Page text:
Britain’s oil and gas industry is facing a crisis.
A new report from the Oil & Gas UK, an industry trade group, finds that investment in the region is falling precipitously. The North Sea is one of the more expensive places to produce oil and gas. The offshore fields have been producing for decades and many are mature and in decline. Companies must continue to put up cash just to keep production flat.
Oil & Gas UK says that after hitting £14.8 billion in 2014, capital spending in the North Sea could drop by £2-4 billion each year, for the next three years. And spending on exploring for new oil and gas reserves could be cut by more than two-thirds. “This is worrying for the UK. It will affect our ability to develop new projects,” the economic director of Oil & Gas UK, Mike Tholen, told the Financial Times in a recent interview. Related: OPEC Is Winning The Price War Says IEA
Just like other oil-producing regions around the world, low oil prices are taking a toll, forcing a contraction that could be hard to recover from.
The North Sea is already fading in terms of its importance to global oil markets. For instance, exploration companies only found an estimated 55 million barrels of oil equivalent (BOE) on average each year between 2012 and 2014, the worst three-year performance in the history of the British continental shelf. If the industry was having trouble finding new reserves when oil prices were well over $100 per barrel and investment was at a record high (the £14.8 billion in capital investment spent in 2014 was the highest on record…for the fourth successive year) their chances of significantly improving upon those results with severe spending cuts are essentially nil.
For the North Sea, the report does offer some silver-linings. The UK government cut taxes a bit earlier this year in an effort to make the contraction less severe. The government is also picking up the tab for seismic surveying, which could lead to exploration in new areas. Companies are pursuing cost savings (just like most other oil and gas firms around the world), and North Sea operators could achieve a 22 percent (or £2.1 billion) reduction in the cost of operations by the end of 2016, according to Oil & Gas UK. Related: Norway Has Nothing To Fear From Oil’s Downturn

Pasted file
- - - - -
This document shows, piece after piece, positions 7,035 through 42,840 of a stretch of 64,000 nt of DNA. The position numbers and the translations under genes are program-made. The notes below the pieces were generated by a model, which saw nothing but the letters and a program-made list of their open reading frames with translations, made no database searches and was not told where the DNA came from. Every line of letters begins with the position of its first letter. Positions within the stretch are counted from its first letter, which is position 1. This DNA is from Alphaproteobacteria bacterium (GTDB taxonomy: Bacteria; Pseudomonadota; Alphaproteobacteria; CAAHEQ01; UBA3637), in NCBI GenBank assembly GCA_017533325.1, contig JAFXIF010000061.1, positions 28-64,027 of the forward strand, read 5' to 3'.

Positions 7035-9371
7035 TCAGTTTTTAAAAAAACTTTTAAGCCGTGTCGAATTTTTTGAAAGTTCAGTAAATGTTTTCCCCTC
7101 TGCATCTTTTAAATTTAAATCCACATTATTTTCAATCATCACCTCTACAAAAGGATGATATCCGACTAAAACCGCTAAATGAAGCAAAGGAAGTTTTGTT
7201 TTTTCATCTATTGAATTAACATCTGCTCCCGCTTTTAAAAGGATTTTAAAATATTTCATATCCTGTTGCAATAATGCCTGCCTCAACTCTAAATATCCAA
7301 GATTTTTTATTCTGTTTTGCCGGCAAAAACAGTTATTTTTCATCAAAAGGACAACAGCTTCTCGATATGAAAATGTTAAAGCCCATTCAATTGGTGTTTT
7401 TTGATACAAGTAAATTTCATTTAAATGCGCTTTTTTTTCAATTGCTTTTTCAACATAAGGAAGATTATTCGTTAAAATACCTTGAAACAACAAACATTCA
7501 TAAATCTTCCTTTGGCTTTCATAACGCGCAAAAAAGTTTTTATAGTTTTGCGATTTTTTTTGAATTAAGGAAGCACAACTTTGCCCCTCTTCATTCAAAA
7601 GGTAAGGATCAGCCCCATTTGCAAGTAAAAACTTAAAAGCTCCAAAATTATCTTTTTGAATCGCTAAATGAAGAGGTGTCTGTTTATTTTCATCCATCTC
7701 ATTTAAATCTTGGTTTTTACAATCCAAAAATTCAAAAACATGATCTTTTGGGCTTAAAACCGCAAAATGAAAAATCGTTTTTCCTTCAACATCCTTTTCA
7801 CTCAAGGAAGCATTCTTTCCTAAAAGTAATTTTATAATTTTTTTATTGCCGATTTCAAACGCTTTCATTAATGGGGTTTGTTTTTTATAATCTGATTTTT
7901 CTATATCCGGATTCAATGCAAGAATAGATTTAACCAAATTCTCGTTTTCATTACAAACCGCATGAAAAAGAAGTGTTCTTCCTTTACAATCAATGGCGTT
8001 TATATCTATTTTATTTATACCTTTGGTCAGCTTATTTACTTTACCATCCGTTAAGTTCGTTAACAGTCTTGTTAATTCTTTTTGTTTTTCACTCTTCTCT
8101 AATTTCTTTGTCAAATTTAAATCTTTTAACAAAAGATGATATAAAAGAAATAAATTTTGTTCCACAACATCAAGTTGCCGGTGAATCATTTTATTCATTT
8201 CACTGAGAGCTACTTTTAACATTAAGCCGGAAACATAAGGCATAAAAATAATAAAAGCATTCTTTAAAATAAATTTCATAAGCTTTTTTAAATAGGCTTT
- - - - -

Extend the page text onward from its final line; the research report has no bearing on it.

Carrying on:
The average cost of producing a barrel of oil equivalent is expected to fall from £17.80 in 2014 to £17 this year. As more savings kick in, that cost could fall further to £15 per BOE by 2016.
Moreover, four new oil fields came online in 2014. And Nexen’s Golden Eagle field started operation in October 2014 (peak production expected to be 70,000 barrels per day), which has actually contributed to a slight increase in oil production this year, the first increase in 15 years.
However, the good news pales in comparison to the bad. For example, the extent to which efficiency gains come from real cost improvements or simply from culling payroll is hard to discern. Collectively, British oil and gas companies have laid off more than 60,000 workers since the beginning of 2014, with employment falling by 15 percent to just 375,000 today. More layoffs could be in the offing.
Moreover, the slight uptick in production could be brief. These fields were developed when oil prices were high. There are still a few fields in the project pipeline, dating back to before the oil bust. But after the queue is cleared, there could be precious few new fields coming online, especially with companies dramatically scaling back spending. That points to a future of production declines. Related: BMW Going All-Electric
To make matters worse, decommissioning costs are rising. By 2018, the cost of decommissioning old fields will double from the 2014 total of £1 billion, as 50 fields are nearing their end of life. In fact, over the next five years, 140 fields may have to be decommissioned, many of which may still proceed even if oil prices rebound.
Decommissioning could create a “domino effect,” presenting parts of the North Sea with a “serious and urgent risk” of shutting down, according to the head of the Oil and Gas Authority. That is because companies often share the cost of maintaining pipelines and processing facilities. If one company pulls out of an area, that leaves the cost of maintaining infrastructure that much higher for the players that remain. More and more could decide operating in the North Sea is simply not worth it.
By Nick Cunningham of Oilprice.com
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